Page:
The countdown is on to the 2018 Winter Olympics, which officially begin on Friday, Feb. 9, but just when we thought things were running pretty smoothly over in South Korea, the season of sniffles and viral infections reared its ugly head. CNN reports that norovirus has touched down in PyeongChang, causing a massive outbreak among Olympic security guards. If you’re wondering what the norovirus is, it’s basically just a fancy term to describe a vomiting bug, with symptoms including diarrhea, throwing up, stomach pain, and if you really have a bad case of the virus, fever and headaches are also common.
There’s obviously no ideal time to get sick, but this certainly was far from opportune, seeing as how we’re less than five days out from the Olympic opening ceremony. What’s more, it's unclear whether the virus has been totally contained yet. According to TIME, the virus is “sweeping through venues” and has already infected roughly 1,200 security guards, 41 of whom have been hospitalized. Luckily, South Korean military soldiers were on standby, and were called in to replace the guards. It’s a sticky situation (no pun intended), but the games must go on and, so far, the athletes are well and healthy.
But just how serious is the norovirus, and how does it spread?
When I began researching the norovirus, my fingers were crossed for everyone infected that it would turn out to be just a tiny bug that makes you vom for a day or two, and then you’re back to business. But this virus is vile and, not to mention, highly contagious.
According to Mayo Clinic, there are two ways to catch the norovirus: through food or water that was contaminated when it was being made, or through close contact with someone who has already been infected. This makes sense, considering these guards are spending plenty of time in close proximity to one another, and it wouldn’t surprise me if the Olympics were providing workers with meals. (This is all speculation, of course. For all we know, someone with the bug could have passed it along, and the germs could have spiraled like a domino effect.)
Someone who catches the norovirus will develop symptoms — including an onset of vomiting and watery stools — within 12 to 48 hours after exposure, according to the Centers for Disease Control and Prevention (CDC), and the virus can last for up to three long, miserable days.
It’s actually not uncommon to catch the norovirus: According to the CDC, a whopping 19 to 21 million cases of the virus are reported per year with anywhere between 56,000 to 71,000 hospitalizations, and most people push through without medical attention. However, young children and older adults can catch a more serious strain that could lead to “severe dehydration,” “dehydration,” and, worst case scenario, the virus could be fatal. According to CNN, the Winter Olympics committee is taking steps to make sure both staff members and athletes remain healthy.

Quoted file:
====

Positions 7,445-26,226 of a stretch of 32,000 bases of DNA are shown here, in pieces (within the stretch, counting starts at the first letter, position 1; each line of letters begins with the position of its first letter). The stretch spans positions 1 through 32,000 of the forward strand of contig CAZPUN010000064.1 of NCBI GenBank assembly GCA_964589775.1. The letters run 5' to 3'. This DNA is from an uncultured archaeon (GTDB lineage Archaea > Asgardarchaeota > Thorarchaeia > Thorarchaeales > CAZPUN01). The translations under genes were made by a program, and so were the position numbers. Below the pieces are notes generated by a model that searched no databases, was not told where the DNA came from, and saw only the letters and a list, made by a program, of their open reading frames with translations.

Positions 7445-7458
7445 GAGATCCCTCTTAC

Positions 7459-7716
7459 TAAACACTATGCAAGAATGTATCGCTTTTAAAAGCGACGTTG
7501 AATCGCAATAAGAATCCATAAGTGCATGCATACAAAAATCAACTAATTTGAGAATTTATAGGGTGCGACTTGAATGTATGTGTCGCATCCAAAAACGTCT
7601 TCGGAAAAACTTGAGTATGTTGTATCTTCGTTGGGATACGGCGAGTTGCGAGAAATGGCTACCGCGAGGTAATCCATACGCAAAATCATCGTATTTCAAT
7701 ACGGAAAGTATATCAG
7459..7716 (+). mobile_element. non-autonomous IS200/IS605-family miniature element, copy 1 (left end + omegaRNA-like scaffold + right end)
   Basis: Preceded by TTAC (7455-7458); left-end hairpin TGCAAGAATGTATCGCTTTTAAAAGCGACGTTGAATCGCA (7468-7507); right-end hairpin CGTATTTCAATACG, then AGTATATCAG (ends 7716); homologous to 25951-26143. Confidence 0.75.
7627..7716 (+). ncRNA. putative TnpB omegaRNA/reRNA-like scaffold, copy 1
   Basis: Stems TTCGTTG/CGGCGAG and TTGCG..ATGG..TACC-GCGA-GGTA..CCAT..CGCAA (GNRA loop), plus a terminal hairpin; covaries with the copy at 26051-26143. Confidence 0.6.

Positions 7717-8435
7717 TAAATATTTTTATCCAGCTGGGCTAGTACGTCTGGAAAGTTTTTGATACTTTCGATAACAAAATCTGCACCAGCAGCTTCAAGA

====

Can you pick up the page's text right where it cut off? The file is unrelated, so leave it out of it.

This isn’t the first time a case of the norovirus has been seen during an international athletic competition.
BBC reports that during the 2017 World Athletics Championship in London, athletes were “forced to pull out of the competition” due to an outbreak at a nearby hotel where they were staying. Fortunately, despite some athletes having already arrived in PyeongChang, no competitors have been exposed to the norovirus at this time, and strict measures are being taken to ensure that doesn’t happen.
CNN reports that the Korean Center for Disease Control and Prevention (KCDC) issued a statement on Monday, Feb. 5, detailing what steps are being taken to make sure both staff and athletes stay healthy throughout the competition.
KCDC dispatched an immediate response team to the PyeongChang site to check additional people for symptoms, check the origin of the exposure, take measures to control infection and prevent spread.
The Winter Olympics committee has also said it will be routinely checking on sleeping quarters, while water and food supplies are currently being tested for contamination.
While the Winter Olympics committee is doing everything in its power to prevent the norovirus from spreading, there are ways for athletes to protect themselves, as well.
For the record, no one is perfect. Not everyone washes their hands five times a day, or keeps their fingers out of their mouth, or pays close enough attention to their surroundings. Sometimes germs just spread, and we can't always totally prevent or contain it. However, when you're knowingly going into an environment where disease is rapidly spreading, it’s in your best interest to take every and any necessary precaution in order to stay healthy.
Though I’m sure the Winter Olympics committee has everything under control, the athletes themselves are the only ones who can provide total and undivided attention and care to their bodies. This means diligently washing their hands, keeping their hands away from their faces whenever possible, practicing food safety when preparing their own food, disinfecting their space, and being aware of any symptoms teammates may be showing.
Again, at this time, no athlete has been infected with the norovirus, and any guard who may have been exposed has been tested for symptoms and relieved from duty. All we can do now is send good vibes to PyeongChang, and hope that both staff and competitors stay healthy.
Erin Jackson is an inline skating world medalist and roller derby MVP. She dreamed of skating in the Olympics, but to do that, she had to get on ice. She took her first steps on a long-track course in 2016 and started training professionally in September 2017. Four months later, she qualified for the Olympic Winter Games. Check out Elite Daily Insights' video on Jackson's incredible story: